From the moment Austin Rivers first arrived on this country's basketball radar, there's been speculation about him one day playing for his father. And in the hours leading up to last summer's draft, a report surfaced that Celtics were in the process of trying to make that dream a reality.
Of course, it never happened. Austin went to the Hornets at No. 10; the Celtics had to "settle" for Jared Sullinger at No. 21. And tonight at the Garden, both Riverseses face the alternate reality of competing against family Father vs. Son on basketball's biggest stage.
But just for one second, let's go back to last summer, and the question we all spent far too much time discussing: Is it a bad idea for Doc to coach his son?
In other words, would the pair be able to separate family and basketball? Would Doc be able to strap on the blinders and treat Austin the same way he did Jeff Green, Avery Bradley or anyone else on the team? Would Austin be able to see Doc as a coach between the lines and a father outside the gym?
Or was it a recipe for disaster?
A lot of people said yes.
But I wasn't one of them.
I just have to much respect for Doc Rivers as a coach and a competitor to ever think he'd put his son before the team; any team, but especially the Celtics. Bring on Austin, I said. Everything will be fine. When it comes to basketball, the team will always be Doc's priority.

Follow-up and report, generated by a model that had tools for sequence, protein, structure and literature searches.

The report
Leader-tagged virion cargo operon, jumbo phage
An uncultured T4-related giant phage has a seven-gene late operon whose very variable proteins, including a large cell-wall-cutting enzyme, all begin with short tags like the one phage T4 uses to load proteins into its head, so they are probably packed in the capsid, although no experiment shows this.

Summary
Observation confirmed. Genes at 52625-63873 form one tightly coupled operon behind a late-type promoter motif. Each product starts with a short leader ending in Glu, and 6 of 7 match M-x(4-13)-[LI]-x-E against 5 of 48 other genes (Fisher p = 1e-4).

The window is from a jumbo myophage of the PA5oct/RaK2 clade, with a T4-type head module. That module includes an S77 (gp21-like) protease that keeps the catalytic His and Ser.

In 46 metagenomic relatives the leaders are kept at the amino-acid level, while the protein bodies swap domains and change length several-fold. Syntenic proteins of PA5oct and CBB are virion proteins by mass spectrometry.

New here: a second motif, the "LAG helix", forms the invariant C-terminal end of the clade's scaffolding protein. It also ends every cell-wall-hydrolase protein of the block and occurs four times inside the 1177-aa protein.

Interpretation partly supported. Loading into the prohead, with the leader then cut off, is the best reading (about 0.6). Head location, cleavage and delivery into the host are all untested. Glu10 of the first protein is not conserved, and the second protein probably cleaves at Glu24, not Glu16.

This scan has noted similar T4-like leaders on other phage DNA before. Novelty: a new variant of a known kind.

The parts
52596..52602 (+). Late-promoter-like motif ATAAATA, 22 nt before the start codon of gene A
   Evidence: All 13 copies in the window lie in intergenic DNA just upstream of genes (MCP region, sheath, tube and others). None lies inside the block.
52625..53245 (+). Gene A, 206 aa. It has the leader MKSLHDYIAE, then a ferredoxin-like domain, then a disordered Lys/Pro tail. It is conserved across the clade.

And tonight, he has a chance to prove me right.
By getting in Austin's head.
Honestly, can you imagine how easy it will be for Pops to take Austin out of his game tonight?
First of all, the kid's struggling big time to begin with. Of the Top 10 picks in last year's draft, only the Kings' Thomas Robinson (4.9) is averaging fewer than Rivers' 6.2 points a game. No one's shooting worse than Rivers' .328 from the field. He's also the only Top 10 pick currently posting a negative Win Share.
Combine that with the pressure of playing against Dad in Boston, and the 20-year-old rookie will be a basket case. And there's no one in the world who knows how to push Austin Rivers' buttons and trigger certain emotions like dear old dad.
I'm not saying it should be anything flagrant either. I'm not asking him to talk trash, at least not in the classic sense. He should just be subtle.
For instance, Austin draws a foul and goes to the line. He's going through his routine, getting ready to shoot, when suddenly Doc yells: "Keep your elbow in!"
The kid will be done for. He won't know what to think. There's no way that shot's going in.
Meanwhile, Doc will prove once and for all where his basketball loyalties lie, and set the wheels in motion on Austin's eventual Celtics debut.
Come on, you know it's coming.